Hong Kong Customs yesterday (November 16) detected a case of selling suspected counterfeit cosmetics, seizing a batch of suspected counterfeit cosmetics and a computer, with a total value of about $29,000. A 21-year-old female student was arrested.
Customs previously received reports on the sale of suspected counterfeit cosmetics on a local internet auction site. Acting on the information, Customs officers of the Anti-Internet Piracy Team found that some suspected counterfeit cosmetics and make-up tools were being sold on the site with prices 40% to 70% lower than the actual prices of the products. Posing as a customer, a Customs officer contacted the suspect and deposited the money into a designated bank account.
Yesterday afternoon, the Customs officer, posing as the buyer, went to the Tuen Mun Light Rail Station for the trade and arrested the woman at the scene. Four items of suspected counterfeit cosmetics and make-up tools were seized. The suspect was then taken to a residential flat in Tin Shui Wai, Tuen Mun, where 345 items of suspected counterfeit cosmetics and make-up tools, including facial soap, sunscreen, make-up powder and eyeliner, were located. Customs officers also seized a computer suspected to have been used for carrying out the online auction activities.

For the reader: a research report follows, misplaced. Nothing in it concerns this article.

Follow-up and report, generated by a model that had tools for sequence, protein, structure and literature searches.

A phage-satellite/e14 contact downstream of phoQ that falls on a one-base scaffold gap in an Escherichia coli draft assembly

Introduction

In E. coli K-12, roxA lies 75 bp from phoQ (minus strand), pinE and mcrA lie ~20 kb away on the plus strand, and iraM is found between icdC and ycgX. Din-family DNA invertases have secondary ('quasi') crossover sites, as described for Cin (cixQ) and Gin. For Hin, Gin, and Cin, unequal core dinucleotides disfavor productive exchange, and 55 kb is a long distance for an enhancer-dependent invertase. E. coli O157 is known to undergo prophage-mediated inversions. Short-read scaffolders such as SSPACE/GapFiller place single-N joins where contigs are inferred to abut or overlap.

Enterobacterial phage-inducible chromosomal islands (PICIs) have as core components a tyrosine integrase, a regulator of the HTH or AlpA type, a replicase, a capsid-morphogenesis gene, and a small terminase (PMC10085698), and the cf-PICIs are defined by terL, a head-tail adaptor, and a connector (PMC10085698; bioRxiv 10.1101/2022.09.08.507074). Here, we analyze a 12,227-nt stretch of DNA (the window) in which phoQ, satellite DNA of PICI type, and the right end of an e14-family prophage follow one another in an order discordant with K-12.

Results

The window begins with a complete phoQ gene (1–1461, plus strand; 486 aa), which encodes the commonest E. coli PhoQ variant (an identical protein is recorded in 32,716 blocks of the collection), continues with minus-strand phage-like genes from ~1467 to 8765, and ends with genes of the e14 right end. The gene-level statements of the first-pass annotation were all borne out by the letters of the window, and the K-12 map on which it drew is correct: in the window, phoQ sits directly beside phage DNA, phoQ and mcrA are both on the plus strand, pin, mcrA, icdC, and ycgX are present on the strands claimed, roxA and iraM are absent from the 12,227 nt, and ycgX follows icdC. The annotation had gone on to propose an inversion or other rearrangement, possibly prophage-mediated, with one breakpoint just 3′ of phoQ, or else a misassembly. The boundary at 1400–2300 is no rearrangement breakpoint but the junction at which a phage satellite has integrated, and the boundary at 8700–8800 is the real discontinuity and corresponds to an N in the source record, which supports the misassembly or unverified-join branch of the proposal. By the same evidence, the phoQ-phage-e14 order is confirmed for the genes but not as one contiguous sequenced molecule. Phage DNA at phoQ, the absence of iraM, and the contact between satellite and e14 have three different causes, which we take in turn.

Speaking at a press conference today (November 17) , Group Head (Intellectual Property Investigation (Operations)), Mr Thomas Lin, reminded people to beware of any kind of pirated or counterfeit goods when shopping on internet auction sites. If they were in any doubt about the authenticity of the goods, they should contact the trade mark owners for more information.
He said, "Internet users should avoid being misled into buying pirated or counterfeit goods resulting in monetary loss. Hong Kong Customs will step up enforcement actions against online sale of counterfeit products."
Under the Trade Descriptions Ordinance, it is a criminal offence to sell goods with forged trade marks. The maximum penalty is a fine of $500,000 and imprisonment for five years. Anyone who comes across any suspected online piracy activities is encouraged to report to Customs by calling the Customs 24-hour hotline 2545 6182.
Ends/Tuesday, November 17, 2009